The coalition of black ministers responsible for the Kean University protest last month will be taking their protest to the doors of state Senator Ray Lesniak’s (D-20) district office today. They say that by supporting Kean President Dawood Farahi—who they accuse of perpetuating “structural racism” at the college—Lesniak has become a party to the culture of intolerance on campus.
According to the ministers, lead by Rev. Ronald Slaughter, the group has chosen to “protest outside of Lesniak’s office because the Union County senator has supported Farahi for years, despite scandals surrounding his tenure and calls for his resignation.”
Recently, the group of ministers and elected officials like Senator Ron Rice have come out against Farahi due to a number of incidents that they say are harmful to Kean’s student population. In November, fraudulent Twitter threats against minority students brought on-campus issues into the spotlight. Farahi has also gotten negative attention for faculty layoffs and the purchase of an almost $200,000 conference table. In October, the school came to a $75,000 settlement with a former employee who claimed she was dismissed due to “her race, and/or age and/or gender.”
Today’s protest outside of Lesniak’s office was scheduled to coincide with Martin Luther King Jr. Day.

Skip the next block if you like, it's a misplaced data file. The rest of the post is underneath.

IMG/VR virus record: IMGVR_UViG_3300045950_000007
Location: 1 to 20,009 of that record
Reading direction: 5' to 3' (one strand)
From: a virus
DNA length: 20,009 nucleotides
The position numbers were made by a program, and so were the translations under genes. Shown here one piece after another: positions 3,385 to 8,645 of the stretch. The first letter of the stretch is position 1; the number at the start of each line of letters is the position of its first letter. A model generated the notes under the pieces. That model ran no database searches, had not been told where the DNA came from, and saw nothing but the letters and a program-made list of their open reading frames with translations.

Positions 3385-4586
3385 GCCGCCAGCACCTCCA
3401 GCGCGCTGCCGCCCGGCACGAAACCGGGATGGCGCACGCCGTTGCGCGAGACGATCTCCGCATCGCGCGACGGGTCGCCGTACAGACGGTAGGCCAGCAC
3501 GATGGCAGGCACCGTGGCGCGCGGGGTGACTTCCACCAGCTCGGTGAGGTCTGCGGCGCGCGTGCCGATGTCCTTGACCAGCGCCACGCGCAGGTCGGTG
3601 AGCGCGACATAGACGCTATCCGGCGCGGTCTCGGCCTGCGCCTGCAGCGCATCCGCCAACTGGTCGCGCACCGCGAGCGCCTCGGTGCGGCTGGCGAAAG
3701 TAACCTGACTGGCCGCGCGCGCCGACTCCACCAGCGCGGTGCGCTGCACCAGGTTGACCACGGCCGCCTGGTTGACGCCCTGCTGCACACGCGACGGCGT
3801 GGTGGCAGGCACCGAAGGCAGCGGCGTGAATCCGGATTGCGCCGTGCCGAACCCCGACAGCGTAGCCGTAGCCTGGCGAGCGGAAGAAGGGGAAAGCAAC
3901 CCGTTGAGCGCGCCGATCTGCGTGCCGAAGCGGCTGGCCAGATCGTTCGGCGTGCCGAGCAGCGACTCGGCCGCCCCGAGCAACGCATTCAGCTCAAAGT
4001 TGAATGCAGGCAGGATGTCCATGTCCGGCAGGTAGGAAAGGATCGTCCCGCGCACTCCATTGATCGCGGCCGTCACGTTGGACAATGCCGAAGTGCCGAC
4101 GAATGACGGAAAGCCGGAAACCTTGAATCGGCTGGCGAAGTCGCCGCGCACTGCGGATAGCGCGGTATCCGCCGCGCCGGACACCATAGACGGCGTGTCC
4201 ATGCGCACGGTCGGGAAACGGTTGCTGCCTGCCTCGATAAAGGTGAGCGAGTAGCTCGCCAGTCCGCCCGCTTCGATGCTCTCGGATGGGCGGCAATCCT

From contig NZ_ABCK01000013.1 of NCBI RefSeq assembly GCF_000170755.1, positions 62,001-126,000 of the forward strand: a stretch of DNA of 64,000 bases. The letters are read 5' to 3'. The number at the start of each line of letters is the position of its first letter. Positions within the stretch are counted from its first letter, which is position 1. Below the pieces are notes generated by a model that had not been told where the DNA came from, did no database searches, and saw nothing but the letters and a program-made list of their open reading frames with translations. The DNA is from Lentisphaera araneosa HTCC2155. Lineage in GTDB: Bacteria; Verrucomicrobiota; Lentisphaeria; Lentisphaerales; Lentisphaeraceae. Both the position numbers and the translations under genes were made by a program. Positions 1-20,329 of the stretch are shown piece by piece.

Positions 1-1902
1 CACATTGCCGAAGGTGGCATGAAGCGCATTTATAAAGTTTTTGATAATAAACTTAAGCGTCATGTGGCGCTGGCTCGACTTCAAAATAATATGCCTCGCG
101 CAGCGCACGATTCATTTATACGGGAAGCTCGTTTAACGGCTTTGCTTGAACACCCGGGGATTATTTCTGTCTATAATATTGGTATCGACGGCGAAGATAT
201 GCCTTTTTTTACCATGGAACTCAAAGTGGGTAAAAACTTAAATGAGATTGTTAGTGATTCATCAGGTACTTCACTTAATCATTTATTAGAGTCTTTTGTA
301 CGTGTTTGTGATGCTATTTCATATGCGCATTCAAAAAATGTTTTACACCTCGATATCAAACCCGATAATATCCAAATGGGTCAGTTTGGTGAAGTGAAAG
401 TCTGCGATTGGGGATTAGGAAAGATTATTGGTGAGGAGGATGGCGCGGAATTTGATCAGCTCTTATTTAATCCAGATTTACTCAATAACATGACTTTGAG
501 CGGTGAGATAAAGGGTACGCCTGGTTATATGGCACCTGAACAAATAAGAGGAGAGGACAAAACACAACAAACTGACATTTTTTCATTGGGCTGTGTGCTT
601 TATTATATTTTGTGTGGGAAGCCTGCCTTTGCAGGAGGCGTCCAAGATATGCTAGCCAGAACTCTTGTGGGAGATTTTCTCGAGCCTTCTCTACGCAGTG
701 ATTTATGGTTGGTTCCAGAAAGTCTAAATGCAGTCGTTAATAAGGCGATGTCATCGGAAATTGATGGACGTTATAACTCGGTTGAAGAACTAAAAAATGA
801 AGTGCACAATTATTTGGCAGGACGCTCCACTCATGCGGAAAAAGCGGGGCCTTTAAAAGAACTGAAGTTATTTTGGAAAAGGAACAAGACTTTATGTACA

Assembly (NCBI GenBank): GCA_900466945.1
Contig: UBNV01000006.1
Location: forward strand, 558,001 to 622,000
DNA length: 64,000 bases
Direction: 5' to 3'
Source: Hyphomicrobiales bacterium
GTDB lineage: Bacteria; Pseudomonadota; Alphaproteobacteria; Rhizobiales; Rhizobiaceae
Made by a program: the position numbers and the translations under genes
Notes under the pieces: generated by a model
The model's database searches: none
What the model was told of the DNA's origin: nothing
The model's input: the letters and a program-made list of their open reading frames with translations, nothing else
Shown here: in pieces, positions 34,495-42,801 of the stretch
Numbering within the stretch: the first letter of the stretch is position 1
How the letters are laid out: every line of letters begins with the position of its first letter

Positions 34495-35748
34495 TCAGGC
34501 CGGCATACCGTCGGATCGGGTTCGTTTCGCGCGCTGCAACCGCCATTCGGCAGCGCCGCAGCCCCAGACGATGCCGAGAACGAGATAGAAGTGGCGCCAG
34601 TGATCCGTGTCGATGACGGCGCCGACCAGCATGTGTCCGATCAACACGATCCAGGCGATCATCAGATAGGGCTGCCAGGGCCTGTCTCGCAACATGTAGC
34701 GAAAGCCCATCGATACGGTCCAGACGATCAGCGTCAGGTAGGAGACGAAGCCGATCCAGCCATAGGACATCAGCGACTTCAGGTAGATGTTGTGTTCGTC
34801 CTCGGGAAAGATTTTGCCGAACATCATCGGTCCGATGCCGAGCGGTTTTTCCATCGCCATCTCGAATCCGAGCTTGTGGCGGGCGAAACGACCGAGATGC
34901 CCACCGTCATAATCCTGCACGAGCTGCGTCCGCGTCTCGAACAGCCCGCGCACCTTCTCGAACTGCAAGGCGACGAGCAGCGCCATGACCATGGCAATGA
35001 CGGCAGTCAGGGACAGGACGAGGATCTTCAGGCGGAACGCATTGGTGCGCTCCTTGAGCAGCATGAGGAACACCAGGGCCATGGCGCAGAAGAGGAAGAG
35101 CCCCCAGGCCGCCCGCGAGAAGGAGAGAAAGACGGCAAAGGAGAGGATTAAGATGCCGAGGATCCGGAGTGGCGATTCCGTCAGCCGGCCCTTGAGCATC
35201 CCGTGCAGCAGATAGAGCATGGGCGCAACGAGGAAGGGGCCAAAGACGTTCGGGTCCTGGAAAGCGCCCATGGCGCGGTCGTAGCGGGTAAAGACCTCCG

On Saturday, Senator Lesniak was awarded the “Keeping Dr. King’s Dream Alive” award by the by the United Youth of New Jersey before the premiere of a play about Martin Luther King, Jr. The award recognizes his “his lifetime of achievements and commitment to social justice and civil rights,” according to a statement.
“I am both honored and humbled to be receiving this award,” said Senator Lesniak in a statement about the MLK award. “The fact that it invokes the legacy of Martin Luther King, Jr. makes it especially meaningful. Dr. King embodied the values and aspirations that provide motivation and inspiration for anyone who strives for justice, civil rights and equality. I don’t want awards to outpace my efforts, so I will continue to be an advocate for progress.”
Today’s protest will begin at 3 p.m.